Youth in dire straits bumps into the right person

By WENDI WINTERS, For The Capital
Published July 08, 2008

Shahin Ismayilov, 21, a resident of Sumgait, Azerbaijan, is hard at work at his new job at Wendy's on West Street in Annapolis. He traveled from his homeland to work at a shop in Eastport, but that offer was rescinded after he arrived June 23.

Annapolis Alderman Sam Shropshire recently stepped out of the Calvert Street offices of Lt. Gov. Anthony G. Brown and nearly knocked over a wiry young man.

"Excuse me," Shahin Ismayilov said in broken English. "Can you please show direction of Social Services?"

Mr. Shropshire, D-Ward 7, wondered why Shahin needed to go to Social Services. He quickly found out.

Shahin had just arrived on a 35-hour odyssey from his home country and had little money and no place to stay. Further, his confirmed job offer with a Royal Farms shop in Eastport had been rescinded, but only after he arrived at the store.

Shahin, 21, is from Sumgait, Azerbaijan, a town on a peninsula in the Caspian Sea. Azerbaijan is surrounded by Russia, Iran, Georgia and Armenia. His father, a worker at a local pipe factory, and an older brother, who once visited the Ukraine and England, urged him to travel and sample the world's cultures.
Shahin arrived in Annapolis as part of a summer work program through the Portland, Ore.-based Council on International Educational Exchange, which is one of a few companies approved by the State Department. It has managed several cross-cultural programs for 61 years.

But he was one participant who fell through the cracks.

After what turned out to be a 7-hour trip to Annapolis from Dulles International Airport, he walked to Royal Farms, where he thought a summer job would be waiting.

According to both Shahin and Mr. Shropshire, a district manager told him there was no job for him. The chain, with more than 120 shops in this region, already had more than enough foreign students, so she suggested that he go door-to-door in Annapolis and ask for a job.

A representative at the CIEE office in Portland told him the same thing. So, Shahin went from store to store downtown. "I filled out six or seven applications," he said. One shopkeeper said he should go to Social Services.

That's where Shahin was headed when he ran into Mr. Shropshire, who, as it happens, speaks fluent Russian, Shahin's second language.
"Nobody's ever walked up to me like this," marveled Mr. Shropshire. "This was providential."

The alderman began making calls. By 8:30 a.m., CIEE's local contractor, Easton resident Doug Lozinak, of People First International, had located a new job for Shahin at the Wendy's on West Street.

Shahin had anticipated a 40-hour a week job at Royal Farms for $8 per hour and a free daily meal. His Wendy's job is 28 hours weekly at $7.25 an hour, and he pays for 50 percent of everything he eats.
Royal Farms has since offered Shahin his original job back - 40 hours at $8 per hour and free food, but he hasn't decided what to do and there are other job offers coming in.

Mr. Lozinak explained his firm provides jobs for approximately 750 of the students who come to the United States on the CIEE US J-1 program during the summer season. He estimated about 25 or fewer are currently working in Anne Arundel County.

"I spoke to Shahin last week," he said. "The business required a certain number of students. In some cases, we get them more. There's an extreme number of visa denials and other things. It's not an exact science, but it's a great way for U.S. employers to supplement their staffing needs during this season."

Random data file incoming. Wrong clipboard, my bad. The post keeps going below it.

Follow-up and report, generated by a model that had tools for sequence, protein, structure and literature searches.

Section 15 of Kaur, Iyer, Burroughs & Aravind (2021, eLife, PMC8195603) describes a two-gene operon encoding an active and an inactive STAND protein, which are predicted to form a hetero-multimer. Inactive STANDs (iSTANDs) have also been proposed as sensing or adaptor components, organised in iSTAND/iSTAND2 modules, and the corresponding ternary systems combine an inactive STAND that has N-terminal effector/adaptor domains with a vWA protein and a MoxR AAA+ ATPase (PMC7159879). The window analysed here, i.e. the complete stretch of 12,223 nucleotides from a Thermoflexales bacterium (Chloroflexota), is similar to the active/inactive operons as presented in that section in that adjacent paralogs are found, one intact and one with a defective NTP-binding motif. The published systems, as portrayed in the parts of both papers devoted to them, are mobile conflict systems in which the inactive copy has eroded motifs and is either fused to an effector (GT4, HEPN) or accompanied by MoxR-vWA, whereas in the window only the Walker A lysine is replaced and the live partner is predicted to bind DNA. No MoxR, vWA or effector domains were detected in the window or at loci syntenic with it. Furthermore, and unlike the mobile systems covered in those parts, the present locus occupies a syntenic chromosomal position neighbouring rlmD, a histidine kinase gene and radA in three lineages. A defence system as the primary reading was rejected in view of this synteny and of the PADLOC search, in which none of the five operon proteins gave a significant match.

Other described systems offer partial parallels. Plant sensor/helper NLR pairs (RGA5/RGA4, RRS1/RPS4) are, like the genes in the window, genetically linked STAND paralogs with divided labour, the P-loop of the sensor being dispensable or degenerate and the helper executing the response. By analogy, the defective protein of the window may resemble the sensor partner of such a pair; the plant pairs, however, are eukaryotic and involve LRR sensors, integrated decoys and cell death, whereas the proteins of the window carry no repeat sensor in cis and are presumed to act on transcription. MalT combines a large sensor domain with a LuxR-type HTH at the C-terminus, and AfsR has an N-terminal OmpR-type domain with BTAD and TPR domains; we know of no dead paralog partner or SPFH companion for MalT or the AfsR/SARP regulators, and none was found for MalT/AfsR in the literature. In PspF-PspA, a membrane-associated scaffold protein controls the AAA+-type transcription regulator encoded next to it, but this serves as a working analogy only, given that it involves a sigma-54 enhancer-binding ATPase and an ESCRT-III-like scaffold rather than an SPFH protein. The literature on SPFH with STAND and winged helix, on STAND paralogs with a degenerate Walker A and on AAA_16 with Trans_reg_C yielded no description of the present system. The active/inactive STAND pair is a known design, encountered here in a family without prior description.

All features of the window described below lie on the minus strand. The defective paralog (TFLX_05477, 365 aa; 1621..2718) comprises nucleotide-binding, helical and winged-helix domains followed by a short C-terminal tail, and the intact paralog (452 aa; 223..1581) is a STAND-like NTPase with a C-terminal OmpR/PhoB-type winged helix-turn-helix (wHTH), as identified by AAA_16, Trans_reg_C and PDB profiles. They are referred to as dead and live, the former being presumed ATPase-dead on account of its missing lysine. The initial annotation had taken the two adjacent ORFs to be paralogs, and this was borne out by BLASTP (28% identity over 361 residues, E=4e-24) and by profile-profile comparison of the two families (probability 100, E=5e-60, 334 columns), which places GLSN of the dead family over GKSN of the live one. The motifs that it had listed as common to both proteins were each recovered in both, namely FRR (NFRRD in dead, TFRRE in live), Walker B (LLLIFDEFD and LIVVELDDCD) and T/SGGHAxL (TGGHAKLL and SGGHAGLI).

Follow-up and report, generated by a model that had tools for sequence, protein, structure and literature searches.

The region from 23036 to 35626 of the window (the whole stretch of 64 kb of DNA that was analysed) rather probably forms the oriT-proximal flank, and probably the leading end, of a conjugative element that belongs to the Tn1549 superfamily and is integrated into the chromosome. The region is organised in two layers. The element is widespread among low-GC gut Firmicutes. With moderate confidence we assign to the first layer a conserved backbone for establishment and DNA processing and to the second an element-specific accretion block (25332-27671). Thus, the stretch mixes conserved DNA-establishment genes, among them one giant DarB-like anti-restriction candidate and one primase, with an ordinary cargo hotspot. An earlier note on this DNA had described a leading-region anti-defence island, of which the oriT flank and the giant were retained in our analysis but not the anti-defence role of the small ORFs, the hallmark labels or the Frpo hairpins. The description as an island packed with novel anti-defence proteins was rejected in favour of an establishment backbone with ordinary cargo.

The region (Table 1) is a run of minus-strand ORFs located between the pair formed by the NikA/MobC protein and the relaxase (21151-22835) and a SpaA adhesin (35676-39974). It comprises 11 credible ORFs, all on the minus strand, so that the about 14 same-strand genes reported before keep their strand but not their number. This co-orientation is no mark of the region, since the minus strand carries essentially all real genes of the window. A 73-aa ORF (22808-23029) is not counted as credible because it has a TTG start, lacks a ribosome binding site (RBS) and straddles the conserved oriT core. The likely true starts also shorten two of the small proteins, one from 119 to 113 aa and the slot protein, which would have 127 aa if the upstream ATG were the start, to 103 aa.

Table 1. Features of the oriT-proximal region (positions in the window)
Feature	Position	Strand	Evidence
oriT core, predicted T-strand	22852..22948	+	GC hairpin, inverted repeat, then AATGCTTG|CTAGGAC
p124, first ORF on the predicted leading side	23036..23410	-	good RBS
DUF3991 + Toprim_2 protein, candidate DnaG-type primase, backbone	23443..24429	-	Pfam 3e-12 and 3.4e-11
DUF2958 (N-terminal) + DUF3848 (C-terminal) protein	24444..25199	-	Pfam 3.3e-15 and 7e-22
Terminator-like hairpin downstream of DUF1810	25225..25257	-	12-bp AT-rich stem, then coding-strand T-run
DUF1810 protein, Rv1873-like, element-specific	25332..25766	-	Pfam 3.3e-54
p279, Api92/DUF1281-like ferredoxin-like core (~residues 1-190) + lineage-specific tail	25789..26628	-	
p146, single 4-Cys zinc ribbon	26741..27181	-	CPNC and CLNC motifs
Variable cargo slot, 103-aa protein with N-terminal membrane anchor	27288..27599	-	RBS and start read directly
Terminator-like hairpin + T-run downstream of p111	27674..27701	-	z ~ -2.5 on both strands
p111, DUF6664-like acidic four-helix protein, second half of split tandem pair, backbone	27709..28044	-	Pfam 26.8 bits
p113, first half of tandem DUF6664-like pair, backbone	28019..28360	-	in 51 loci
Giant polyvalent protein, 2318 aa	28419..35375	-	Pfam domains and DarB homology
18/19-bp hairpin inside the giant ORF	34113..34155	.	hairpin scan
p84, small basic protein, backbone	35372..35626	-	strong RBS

The company doesn't sign a contract, Mr. Lozinak said. Rather, they sign a job offer. In a lot of cases, a job offer might be for 35 hours and turns out to be for 26 hours. It's a great program for businesses in Maryland and throughout the country. When there's an issue, we react as quickly as possible."

Participants are expected to find and pay for their own place to live, using their earnings. Shahin paid $1,400 for the council services and another $1,000 to fly to the United States. It was his first trip on a plane - and his first trip away from home.

During the summer session, from June through October, more than 30,000 people flock to the U.S. on temporary J-1 work visas arranged by the council.
Frank Gargiulo, vice president of Human Resources for Royal Farms, was aghast when he was later informed of the situation.

"We asked for a number of students that we can handle, that we can find jobs for. Especially in the beach areas where we have a huge labor shortage. Our issue is with CIEE, the way they dump more people on us than we expected."

Mr. Shropshire also found Shahin a temporary home. He's living in Annapolis with Jan Chapman, an analyst with Raymond James Financial, Inc. Shahin was relieved, because his one night at the Westin, plus breakfast, took a $150 bite out of the $450 he brought with him. He was prepared to sleep on a park bench. Ms. Chapman plans to take Shahin sightseeing in Washington, D.C., and New York City. Mr. Shropshire hopes to take him to an Orioles baseball game. Others also are chipping in. Shahin also is hoping to see the Atlantic Ocean - he's never seen an ocean.

"I'm finding people here are very kind," Shahin said. "From Washington, D.C. to here I came alone. People helped me a lot. I'd ask them and they'd answer 'Come with me' and they showed me."
"Annapolis is very quiet, very green and very beautiful," he added. "I'm glad to meet people like Ms. Chapman and Mr. Sam Shropshire."

But, he's troubled by one thing.

"Americans like a lot of fast food."

Shahin Ismayilov can be contacted through Ms. Chapman at or by calling 443-994-8150.